RAWA has not adopted any specific economic or social ideology. They do advocate “economic democracy,” and secularism. While most RAWA members are Muslim, as are the majority of Afghans, they have seen Islam being used as a political tool of oppression by fundamentalist warlords in government positions.


Excerpts from RAWA’s Charter (twice revised since its inception, to address socio-political changes), define their main aims[1]as:


(1)   women’s emancipation, “which cannot be abstracted from the freedom and emancipation of the people as a whole,”

(2)   separation of religion and politics, “so that no entity can misuse religion as a means for furthering their political objectives,”

(3)   equal rights of all Afghan ethnic groups,

(4)   “economic democracy and the disappearance of exploitation,”

(5)   commitment to “struggle against illiteracy, ignorance, reactionary, and misogynistic culture,”

(6)   “to draw women out of the incarceration of their homes into social and political activity, so that they can liberate themselves economically, politically, legally, and socially,”

(7)   to serve and assist “affected and deserved women and children, in the fields of education, healthcare, and economy,”

(8)   establish and strengthen relations with other pro-democracy and pro-women’s rights groups nationally and internationally, with such relations “based on the principle of equality and non-interference in each others affairs,”

(9)   “support for other freedom and women’s movements worldwide.”


RAWA bases their struggle on universal principles of human rights and democracy, consistent with the Universal Declaration of Human Rights. They are not bound by the inevitable dogma that results from sectarianism and “the party line.”


Additionally, RAWA realizes the importance of connecting their struggle with those of other groups worldwide. They regularly express international solidarity in their statements, such as this one:


We declare our unequivocal and unreserved support and solidarity with the struggles of the people and the pro-democracy and progressive forces of Iran, Palestine, Kashmir, Kurdistan, Sudan and other fettered peoples of Asia, Africa and Latin America fighting for their rights against reactionary and anti-liberty states and powers.[2]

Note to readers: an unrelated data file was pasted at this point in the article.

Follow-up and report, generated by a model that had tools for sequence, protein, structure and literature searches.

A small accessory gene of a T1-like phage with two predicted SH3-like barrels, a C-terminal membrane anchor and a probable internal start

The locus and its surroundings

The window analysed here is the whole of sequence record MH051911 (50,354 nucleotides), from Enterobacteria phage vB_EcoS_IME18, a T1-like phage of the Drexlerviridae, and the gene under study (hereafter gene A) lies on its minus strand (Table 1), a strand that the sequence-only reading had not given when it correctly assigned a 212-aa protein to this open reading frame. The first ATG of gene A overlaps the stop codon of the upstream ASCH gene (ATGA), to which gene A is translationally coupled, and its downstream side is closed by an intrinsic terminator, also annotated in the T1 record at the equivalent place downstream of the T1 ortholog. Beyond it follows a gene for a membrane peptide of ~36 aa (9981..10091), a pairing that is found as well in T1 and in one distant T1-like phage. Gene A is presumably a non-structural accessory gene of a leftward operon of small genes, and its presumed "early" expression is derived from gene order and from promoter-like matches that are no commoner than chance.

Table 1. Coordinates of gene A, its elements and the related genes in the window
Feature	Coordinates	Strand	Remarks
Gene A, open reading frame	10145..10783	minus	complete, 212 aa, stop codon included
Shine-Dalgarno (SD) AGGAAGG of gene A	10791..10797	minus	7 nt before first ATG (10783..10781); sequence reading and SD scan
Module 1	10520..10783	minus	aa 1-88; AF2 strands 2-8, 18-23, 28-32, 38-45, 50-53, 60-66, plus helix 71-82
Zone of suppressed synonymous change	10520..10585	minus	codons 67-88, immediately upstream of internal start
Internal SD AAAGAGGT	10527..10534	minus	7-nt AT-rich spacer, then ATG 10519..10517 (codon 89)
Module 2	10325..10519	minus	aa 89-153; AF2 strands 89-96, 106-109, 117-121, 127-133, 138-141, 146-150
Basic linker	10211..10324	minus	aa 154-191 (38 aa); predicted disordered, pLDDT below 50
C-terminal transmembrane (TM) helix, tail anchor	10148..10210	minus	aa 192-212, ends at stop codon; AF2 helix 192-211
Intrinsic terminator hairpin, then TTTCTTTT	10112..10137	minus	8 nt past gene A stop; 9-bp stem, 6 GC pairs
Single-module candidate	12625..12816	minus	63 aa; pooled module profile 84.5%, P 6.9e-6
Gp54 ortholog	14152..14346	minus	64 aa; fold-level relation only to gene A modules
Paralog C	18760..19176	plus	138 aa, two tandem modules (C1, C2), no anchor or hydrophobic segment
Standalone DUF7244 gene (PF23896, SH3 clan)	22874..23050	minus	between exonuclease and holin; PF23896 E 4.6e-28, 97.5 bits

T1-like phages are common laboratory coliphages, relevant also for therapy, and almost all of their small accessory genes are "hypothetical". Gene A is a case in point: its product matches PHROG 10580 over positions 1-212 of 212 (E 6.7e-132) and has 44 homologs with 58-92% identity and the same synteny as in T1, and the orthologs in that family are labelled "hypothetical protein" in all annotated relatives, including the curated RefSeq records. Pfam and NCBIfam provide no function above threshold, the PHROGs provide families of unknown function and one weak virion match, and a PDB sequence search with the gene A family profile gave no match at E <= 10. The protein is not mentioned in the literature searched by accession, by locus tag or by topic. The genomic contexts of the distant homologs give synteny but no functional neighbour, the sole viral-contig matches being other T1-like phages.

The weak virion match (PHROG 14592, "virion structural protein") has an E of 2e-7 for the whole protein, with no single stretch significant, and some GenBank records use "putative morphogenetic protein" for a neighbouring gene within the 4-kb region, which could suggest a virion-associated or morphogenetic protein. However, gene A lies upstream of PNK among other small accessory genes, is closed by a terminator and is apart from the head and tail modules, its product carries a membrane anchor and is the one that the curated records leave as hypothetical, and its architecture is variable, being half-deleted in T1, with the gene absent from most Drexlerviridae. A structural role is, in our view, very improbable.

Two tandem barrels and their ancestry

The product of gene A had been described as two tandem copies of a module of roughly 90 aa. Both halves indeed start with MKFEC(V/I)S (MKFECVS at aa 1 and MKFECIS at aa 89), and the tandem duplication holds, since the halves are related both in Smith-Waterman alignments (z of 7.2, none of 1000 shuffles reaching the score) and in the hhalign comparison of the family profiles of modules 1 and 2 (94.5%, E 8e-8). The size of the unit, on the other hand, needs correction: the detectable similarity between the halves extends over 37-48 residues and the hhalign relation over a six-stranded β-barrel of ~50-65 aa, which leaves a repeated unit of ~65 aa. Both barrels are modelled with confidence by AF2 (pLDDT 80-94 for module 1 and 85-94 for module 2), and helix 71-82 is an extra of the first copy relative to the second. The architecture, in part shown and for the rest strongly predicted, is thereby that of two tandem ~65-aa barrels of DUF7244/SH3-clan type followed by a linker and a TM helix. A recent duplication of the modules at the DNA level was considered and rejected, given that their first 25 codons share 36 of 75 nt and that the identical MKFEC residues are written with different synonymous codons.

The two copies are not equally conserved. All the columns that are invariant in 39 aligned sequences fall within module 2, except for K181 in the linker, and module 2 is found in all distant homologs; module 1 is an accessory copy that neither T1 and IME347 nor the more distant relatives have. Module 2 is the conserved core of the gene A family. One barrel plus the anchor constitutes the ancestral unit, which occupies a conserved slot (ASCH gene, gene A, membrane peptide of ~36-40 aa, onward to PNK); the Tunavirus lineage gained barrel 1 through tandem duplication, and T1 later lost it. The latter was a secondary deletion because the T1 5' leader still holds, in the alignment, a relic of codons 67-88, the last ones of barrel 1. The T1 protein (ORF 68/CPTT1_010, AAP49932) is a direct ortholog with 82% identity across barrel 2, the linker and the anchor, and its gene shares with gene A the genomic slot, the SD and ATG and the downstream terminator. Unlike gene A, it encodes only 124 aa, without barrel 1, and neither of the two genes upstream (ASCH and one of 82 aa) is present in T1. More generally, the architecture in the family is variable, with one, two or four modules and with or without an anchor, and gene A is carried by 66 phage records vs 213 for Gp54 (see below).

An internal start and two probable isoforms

For the formation of a free, independent and democratic Afghanistan the joint striving and struggle of pro-liberty and democratic forces is indispensable. This objective can only be achieved through relentless struggle, not through compromise and capitulation.


– RAWA statement on 50th anniversary of Universal Declaration of Human Rights, December 1998.


RAWA’s strategies, like their political aims, are broad. They are a balance of long-term and short-term strategies of political agitation and humanitarian aid.




Education is seen as part of RAWA’s long-term struggle and is considered their most important strategy. Education of women in particular, is based on the understanding that when women are empowered through literacy and skills, they are more inclined and better equipped to fight for their rights. However, RAWA also educates boys, providing a practical alternative to the brain-washing of religious madrassas. They believe that male domination is a social phenomenon that can be eradicated through education for both boys and girls.


RAWA’s educational projects range from full-fledged schools for girls and boys, all the way down to home-based literacy courses and skills training for adult women. Many women and girls who discover RAWA through these institutions choose to become members. Education also includes skills training for adult women who are struggling to raise families. RAWA teaches women embroidery, sewing, handicrafts, etc. They also teach women farming skills like raising hens for eggs, fish farming, and goat farming. Such courses are labeled “income-generating projects.” The goal is to enable women to become financially self-sufficient.